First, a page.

If the wind noise is at the front of the glass, Leak Trace Powder can be used to verify that the glass is properly contacting the weatherstrip when closed. Any gaps in the powder may indicate poor contact between the glass and weatherstrip.

 

TIP: Cover the suede portion of the door trim panel when using Leak Trace Powder. The powder is very difficult to remove from this material.

 

Glass Adjustment

 

To adjust the glass, remove the door trim panel following the appropriate Service Information.

 

Make alignment marks for the rear edge of the door glass by placing tape on the weatherstrip between the door glass and the quarter glass. Mark the tape 10 millimeters from the forward edge of the quarter glass in two places. (Fig. 2) Next, make alignment marks for the top of the glass by placing two pieces of tape along the top of the door glass (one approximately over each of the window regulator channels) and mark each piece of tape five millimeters from the edge of the glass.

 

F02 door glass align marks

Fig 2

 

Remove the two plastic plugs behind the upper corners of the water deflector to access to the window regulator nuts. Loosen both upper regulator channel nuts about one half turn to allow adjustment. (Fig. 3)

 

F03 door glass reg nuts

Fig 3

 

With the door closed and the glass indexed up, have an assistant outside the vehicle move the glass into alignment. (Fig. 4) The rear edge of the glass should be aligned with the marks on the tape between the door and quarter glass and the top edge of the glass should be aligned with the tape marks at the door opening reveal molding. Once the glass is properly aligned, tighten the regulator nuts.

 

F04 door glass adjust

Fig 4

 

Open and close the door to check alignment and readjust if necessary. Torque the regulator nuts to specification and reinstall the plastic plugs.

 

TIP: Before reinstalling the trim panel, the retaining clips should always be replaced. If they are not, the panel may become loose over time. Match the clip color to the proper location.

 

Window Motor Relearn Procedure

 

After adjusting the glass, it is necessary to perform the window motor relearn procedure using GDS 2.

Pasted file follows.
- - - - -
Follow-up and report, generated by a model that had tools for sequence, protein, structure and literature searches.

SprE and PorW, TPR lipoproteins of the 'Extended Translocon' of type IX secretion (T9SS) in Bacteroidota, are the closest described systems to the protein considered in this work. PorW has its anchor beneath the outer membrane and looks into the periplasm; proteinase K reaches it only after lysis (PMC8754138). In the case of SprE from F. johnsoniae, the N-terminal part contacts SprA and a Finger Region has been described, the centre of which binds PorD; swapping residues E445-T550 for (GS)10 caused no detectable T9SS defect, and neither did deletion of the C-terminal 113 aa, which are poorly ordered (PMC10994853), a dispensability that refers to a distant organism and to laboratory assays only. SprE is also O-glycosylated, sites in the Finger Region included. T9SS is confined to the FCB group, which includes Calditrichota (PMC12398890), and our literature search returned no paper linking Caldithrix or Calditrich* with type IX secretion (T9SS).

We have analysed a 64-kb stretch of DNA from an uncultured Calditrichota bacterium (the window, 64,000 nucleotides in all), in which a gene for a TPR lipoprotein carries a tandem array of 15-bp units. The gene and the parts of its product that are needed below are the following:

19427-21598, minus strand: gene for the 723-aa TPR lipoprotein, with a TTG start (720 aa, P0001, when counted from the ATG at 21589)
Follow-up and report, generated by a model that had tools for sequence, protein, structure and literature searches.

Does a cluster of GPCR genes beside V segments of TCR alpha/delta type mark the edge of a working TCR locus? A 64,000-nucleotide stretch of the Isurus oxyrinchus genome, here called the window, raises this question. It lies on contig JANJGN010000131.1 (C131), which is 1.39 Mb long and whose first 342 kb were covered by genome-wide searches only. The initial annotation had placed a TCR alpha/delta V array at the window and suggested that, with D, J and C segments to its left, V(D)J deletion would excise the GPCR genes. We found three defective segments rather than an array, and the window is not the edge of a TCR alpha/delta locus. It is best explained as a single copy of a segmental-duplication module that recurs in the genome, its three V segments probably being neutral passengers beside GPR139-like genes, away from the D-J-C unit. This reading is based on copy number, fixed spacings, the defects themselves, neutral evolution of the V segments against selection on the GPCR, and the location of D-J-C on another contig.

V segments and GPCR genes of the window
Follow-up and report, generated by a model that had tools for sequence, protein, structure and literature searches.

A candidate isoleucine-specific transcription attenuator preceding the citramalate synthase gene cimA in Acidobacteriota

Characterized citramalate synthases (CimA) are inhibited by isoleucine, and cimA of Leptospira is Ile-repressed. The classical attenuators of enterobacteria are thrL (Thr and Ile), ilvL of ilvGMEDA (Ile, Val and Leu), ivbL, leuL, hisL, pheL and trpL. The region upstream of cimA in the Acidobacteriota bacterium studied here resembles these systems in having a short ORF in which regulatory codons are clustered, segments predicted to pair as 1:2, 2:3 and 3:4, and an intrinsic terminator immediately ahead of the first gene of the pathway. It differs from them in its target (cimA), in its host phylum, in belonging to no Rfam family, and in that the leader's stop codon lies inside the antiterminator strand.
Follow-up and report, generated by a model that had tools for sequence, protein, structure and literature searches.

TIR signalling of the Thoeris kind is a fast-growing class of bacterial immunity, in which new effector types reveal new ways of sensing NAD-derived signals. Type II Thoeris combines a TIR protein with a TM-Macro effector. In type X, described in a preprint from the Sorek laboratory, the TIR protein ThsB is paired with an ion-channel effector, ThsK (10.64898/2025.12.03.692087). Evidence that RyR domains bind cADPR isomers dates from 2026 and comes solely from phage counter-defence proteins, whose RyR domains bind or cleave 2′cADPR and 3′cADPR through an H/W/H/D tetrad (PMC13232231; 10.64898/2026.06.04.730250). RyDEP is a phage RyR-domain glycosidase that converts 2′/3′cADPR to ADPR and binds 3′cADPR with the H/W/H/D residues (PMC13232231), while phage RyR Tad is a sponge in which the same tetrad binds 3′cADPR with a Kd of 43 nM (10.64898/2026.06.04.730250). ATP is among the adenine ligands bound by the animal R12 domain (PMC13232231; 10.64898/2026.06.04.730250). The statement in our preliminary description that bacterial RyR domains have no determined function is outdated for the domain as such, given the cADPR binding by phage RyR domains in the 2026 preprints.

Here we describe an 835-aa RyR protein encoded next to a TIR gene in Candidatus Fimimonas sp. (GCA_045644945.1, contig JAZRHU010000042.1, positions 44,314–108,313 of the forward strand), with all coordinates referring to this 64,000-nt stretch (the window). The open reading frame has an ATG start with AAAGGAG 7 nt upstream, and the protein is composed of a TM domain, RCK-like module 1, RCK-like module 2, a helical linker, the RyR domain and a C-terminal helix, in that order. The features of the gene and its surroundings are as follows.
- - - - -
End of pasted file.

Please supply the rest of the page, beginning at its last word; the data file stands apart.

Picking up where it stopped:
After exiting the scan tool learn procedure completely, the window motor must be normalized in order to perform the express up and express down functions. With the door closed and the window in the fully raised position, press and hold the power window switch until the window is fully open. Continue holding the switch down for an additional five seconds. Next, pull up the power window switch until the window is fully closed. Again, continue holding the switch up for an additional five seconds.

 

For more information about ELR door glass adjustments, view the March 2014 Emerging Issues seminar, 10214.03D (U.S. only).

 

– Thanks to Chuck Wieseckel

Removing a Transportation Cover

Beginning this month, the 2014 ELR will use a transportation cover to help protect the vehicle while in transport as well as in dealership inventory. (Fig. 5) The 2014 Corvette uses a similar cover.

 

The transportation cover must be partially removed in order to perform the Pre-Delivery Inspection (PDI). It can be reinstalled to protect the vehicle until delivery.

 

F05 cover 1

Fig 5

 

To enter the vehicle, unzip the cover over the driver’s door, roll it up and secure it using the Velcro strap and retaining flap above the door. There also are zippered openings to access the fuel door and the charge port door.

 

To partially remove the cover for the PDI, begin by releasing the tape holding the cover to the rear quarter glass. Open the driver’s door and unclip the retainers holding the cover to the rocker and B pillar. Pull the inner part of the cover out of the door area.

 

Unhook the elastic from the front fascia and roll the edge of the cover back slightly to remove any debris. Repeat this procedure for the rear fascia.

 

Next, unhook the clips from the floor pan bracket along the right and left sides of the vehicle. In each of the four wheel openings, release the hard flap holding the cover.

 

From the rear of the vehicle, fold the cover from the left and right sides toward the middle (Fig. 6), and then roll the cover toward the front of the vehicle, stopping at the windshield.

 

F06 cover 2

Fig 6

 

To release the hood portion of the cover, with the hood open, pull the cover from below the front fascia. Release the cover from the hood stops. Lift it up and over the hood. (Fig. 7) Leave the cover attached to, and resting on the windshield. Release the center clip and the Velcro fasteners on the rear corners of the hood and release the cover from the hood striker. Starting at one of the front corners, slip the cover off the hood. Pull the cover off the rear corners to remove it from the vehicle.